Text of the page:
Hollande won’t have much time to learn on the job
The author is a Reuters Breakingviews columnist. The opinions expressed are his own
The French have chosen a socialist president without any experience of executive power and little taste or knowledge of international matters. When one considers where the certified “experienced” leaders have led Europe in the last three years, this shouldn’t be much of a worry. But if newly-elected François Hollande thinks he can plan for a few months of learning on the job, the situation in Greece is a pressing reminder that he should cut the training period short.
Hollande campaigned on a programme of moderate reform and little pain, promising to raise taxes for any extra spending he advocates to reduce France’s growing inequalities. His apparent determination to ignore the French economy’s most pressing problem – its lack of competitiveness – is only balanced by the centrist, moderate views he harbours on most things. This has led some to hope that reason should ultimately guide him if and when a serious crisis strikes.
The new French president’s first foreign trip as president-elect will be Germany to visit Angela Merkel. This shows at least that he has the right sense of priorities. The new French leader called during his campaign for more growth and less austerity. As long as he sticks to his promise of putting France’s finance back in order, this shouldn’t be much of a problem with Berlin. The German chancellor, politically weakened by her own electoral setbacks, should accommodate him. Her foreign minister is already talking about working on a growth pact with France – though what he means by that remains fuzzy.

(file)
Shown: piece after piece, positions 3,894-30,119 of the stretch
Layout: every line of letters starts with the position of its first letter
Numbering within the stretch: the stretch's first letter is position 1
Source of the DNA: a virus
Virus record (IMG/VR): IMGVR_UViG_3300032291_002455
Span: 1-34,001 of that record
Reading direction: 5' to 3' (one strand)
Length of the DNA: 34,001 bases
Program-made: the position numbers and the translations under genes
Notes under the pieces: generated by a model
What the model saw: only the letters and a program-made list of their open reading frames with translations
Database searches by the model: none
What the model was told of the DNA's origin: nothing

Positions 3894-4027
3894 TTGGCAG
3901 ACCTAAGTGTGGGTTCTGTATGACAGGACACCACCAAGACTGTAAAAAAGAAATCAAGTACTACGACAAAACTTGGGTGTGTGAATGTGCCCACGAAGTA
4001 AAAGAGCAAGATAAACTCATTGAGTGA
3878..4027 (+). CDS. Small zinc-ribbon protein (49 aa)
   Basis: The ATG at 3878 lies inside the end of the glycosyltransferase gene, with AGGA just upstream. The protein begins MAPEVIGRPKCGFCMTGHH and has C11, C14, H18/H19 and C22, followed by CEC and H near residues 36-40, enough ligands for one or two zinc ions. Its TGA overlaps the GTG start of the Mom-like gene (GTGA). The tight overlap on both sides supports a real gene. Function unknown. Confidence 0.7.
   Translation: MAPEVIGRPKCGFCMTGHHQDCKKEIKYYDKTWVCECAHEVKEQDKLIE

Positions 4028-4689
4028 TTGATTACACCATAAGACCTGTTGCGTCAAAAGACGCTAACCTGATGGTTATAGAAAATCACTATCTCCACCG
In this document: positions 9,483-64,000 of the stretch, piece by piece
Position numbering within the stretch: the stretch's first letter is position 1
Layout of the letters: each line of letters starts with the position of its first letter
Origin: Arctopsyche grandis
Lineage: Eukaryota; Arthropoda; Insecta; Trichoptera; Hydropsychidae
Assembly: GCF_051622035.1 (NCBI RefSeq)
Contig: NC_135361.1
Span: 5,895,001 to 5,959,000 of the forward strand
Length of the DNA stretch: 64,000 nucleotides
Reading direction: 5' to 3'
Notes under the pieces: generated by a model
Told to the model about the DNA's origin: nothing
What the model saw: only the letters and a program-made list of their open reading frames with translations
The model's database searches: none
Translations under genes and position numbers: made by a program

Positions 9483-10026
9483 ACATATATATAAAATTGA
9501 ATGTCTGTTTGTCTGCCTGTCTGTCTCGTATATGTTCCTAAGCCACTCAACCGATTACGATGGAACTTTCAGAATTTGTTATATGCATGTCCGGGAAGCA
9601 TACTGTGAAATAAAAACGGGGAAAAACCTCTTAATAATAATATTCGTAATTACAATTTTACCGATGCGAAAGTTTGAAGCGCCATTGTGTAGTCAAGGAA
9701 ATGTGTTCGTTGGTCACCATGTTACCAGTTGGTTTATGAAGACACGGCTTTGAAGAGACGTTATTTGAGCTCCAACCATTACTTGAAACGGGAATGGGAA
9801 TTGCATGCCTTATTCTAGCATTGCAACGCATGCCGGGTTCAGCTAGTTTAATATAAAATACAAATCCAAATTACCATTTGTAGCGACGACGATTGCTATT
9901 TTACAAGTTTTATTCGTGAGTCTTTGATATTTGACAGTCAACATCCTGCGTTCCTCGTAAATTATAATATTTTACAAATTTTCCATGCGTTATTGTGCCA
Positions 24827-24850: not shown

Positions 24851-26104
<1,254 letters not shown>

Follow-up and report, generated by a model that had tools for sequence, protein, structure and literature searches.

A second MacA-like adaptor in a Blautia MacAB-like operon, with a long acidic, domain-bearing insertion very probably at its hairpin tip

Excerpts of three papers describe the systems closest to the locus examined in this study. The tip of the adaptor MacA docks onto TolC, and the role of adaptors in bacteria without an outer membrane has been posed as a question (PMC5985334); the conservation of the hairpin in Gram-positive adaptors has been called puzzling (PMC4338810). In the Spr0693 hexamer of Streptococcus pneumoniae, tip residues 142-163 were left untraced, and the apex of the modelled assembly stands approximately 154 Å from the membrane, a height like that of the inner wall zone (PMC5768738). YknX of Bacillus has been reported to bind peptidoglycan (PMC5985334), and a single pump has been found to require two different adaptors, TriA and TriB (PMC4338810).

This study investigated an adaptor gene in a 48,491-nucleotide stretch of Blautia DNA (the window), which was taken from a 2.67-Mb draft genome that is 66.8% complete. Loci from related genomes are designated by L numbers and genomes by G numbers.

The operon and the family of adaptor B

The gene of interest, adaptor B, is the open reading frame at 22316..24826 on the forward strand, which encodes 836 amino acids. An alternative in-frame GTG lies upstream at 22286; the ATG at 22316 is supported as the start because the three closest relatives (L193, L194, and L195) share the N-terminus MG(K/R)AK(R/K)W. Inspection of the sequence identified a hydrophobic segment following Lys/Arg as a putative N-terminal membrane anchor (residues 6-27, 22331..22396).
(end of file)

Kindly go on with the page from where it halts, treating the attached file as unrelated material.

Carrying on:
François Hollande has become the symbol of a new phase in the euro crisis created as governments start talking about the future – growth – instead of solely focusing on the past – when austerity was deemed as the only solution. But his leadership and political acumen will be tested before he sets out his detailed ideas for France. Hollande, as head of the second-largest euro zone lender country, will have to explain what if anything he suggests for Greece – and for other troubled euro members. How does he propose to boost growth in cash-strapped economies? And what does he suggest doing in the short run? That’s when he will discover that his new job is not just about the French.